Precautions Observed in Manual Pipetting

Automation is the trend in clinical laboratories today because it saves time, avoids human errors and could perform several procedures simultaneously.   Even in the pipetting of liquids, reagents or samples, manual pipetting is rarely utilized.

It is not an excuse however, not to learn the proper precautions observed in manual pipetting.  Here are important precautions involved in this procedure:

  * Before attempting to pipet anything, Personal Protective Equipment (PPE) should be worn at all times.  This consists of a hair cap, a pair of gloves, a laboratory gown, a mask and goggles.

  * Be aware of the solution’s specific properties.  Is it explosive, flammable, or corrosive?  Knowing about these would allow you to be extra careful in these areas.

  * Make sure that the pipette you will be using is dry and clean, because any liquid left inside the apparatus would be adding to the total volume of   liquid pipetted.

  * Use the pipette with the nearest calibration to the volume that you are pipetting. e.g.  2 mL (milliliter)-pipettes for 1.8 mL- volumes, or 5 mL for 4.5 mL- volumes.

  * When you commence pipetting, the pipette should be immersed all the way down into the beaker containing the reagent to be pipetted.

  * The pipette should be held upright in a vertical position and not horizontally.  This would allow you to take note of the correct reading.

  * Liquid to be pipetted should be aspirated beyond the 0 ml mark.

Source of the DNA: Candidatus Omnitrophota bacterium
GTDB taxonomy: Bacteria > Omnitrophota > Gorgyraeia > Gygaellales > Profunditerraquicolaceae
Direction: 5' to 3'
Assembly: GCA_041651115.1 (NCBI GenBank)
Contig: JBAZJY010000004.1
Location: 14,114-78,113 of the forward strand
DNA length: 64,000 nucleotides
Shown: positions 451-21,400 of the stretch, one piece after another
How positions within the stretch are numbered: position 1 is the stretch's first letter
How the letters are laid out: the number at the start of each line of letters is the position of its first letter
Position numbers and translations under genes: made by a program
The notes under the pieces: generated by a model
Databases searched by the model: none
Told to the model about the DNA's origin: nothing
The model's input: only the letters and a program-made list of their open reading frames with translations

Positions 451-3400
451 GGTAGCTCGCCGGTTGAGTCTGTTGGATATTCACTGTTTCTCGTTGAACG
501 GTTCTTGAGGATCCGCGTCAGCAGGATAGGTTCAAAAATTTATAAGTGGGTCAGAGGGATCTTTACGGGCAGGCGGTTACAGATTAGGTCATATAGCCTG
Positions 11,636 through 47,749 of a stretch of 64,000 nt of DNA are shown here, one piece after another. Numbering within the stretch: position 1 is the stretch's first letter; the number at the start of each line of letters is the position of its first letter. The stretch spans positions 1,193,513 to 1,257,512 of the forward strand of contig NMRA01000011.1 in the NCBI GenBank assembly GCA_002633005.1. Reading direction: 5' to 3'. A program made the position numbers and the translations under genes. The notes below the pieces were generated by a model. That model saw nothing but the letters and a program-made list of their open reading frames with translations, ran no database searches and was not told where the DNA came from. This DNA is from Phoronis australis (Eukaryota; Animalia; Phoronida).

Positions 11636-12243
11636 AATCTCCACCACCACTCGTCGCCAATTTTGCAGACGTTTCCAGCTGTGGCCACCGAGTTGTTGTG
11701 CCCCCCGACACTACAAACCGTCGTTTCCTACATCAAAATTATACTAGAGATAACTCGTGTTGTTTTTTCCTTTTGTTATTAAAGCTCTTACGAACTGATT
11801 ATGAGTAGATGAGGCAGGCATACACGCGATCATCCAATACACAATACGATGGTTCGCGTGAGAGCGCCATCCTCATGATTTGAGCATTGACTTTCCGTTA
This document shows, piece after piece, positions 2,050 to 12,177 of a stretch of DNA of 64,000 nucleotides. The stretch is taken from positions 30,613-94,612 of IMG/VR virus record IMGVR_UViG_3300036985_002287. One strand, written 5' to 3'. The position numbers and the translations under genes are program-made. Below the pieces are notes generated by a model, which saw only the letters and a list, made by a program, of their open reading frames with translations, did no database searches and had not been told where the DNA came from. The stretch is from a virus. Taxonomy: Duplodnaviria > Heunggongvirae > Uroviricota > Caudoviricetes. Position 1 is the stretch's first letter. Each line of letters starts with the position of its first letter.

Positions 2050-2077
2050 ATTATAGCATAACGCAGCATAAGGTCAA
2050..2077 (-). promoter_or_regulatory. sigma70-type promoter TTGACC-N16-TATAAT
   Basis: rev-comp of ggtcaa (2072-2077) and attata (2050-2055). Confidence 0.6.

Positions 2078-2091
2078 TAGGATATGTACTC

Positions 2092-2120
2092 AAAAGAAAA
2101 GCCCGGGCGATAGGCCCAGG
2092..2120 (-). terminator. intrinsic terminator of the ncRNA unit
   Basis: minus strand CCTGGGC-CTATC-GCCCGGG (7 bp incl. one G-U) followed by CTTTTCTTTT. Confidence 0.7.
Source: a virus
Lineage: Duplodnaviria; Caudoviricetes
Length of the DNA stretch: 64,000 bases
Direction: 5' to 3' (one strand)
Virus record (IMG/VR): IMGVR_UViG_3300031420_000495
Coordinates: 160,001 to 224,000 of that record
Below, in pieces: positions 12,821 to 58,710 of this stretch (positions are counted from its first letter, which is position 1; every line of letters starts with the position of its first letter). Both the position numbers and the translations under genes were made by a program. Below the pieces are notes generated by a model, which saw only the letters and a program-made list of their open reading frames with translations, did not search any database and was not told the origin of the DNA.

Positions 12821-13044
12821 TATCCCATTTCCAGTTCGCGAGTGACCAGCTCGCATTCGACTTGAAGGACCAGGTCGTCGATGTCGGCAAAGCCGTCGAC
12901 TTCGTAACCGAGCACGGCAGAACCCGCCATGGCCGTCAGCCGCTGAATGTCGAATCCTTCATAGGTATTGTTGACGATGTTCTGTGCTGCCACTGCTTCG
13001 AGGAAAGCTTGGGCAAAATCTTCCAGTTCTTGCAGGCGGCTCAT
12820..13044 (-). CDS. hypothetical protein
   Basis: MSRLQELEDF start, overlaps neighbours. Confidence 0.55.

* Your index finger is the best finger to control the flow of the liquid because it is more flexible. The index finger must be dry. Do not use the thumb as it would be more difficult to manipulate.

  * Do not forget to wipe the sides of the pipette with a tissue or filter paper. This would remove excess liquid clinging to the external sides of the pipette, which may inaccurately add to the total volume of the solution.  Use your other hand to do this.

* The liquid should be exactly at the mark that you want to measure and this is done by gently releasing the liquid with the use of your index finger.

* Viscous liquids are read at the upper meniscus while clear liquids are read from the lower meniscus.

* If there are two “blasted rings” at the top, upper portion of the pipette.  This would indicate that the pipette is a “blow-out” type and therefore the content should be “blown” into the receiving vessel by the use of the aspirating bulb or aspirator. 

* If it is not a “blow-out” pipette, then the liquid should only be allowed to drain into the receiving vessel by touching the tip of the pipette to the sides of the receiving vessel.

 * Do not immerse the pipette into the liquid already in the receiving vessel, unless the pipette is a “blow-out” in which you can aspirate and blow out the liquid at the tip of the pipette to assure proper volume has been delivered.

Being aware of these precautions would avoid laboratory accidents and inaccurate measurement of solutions.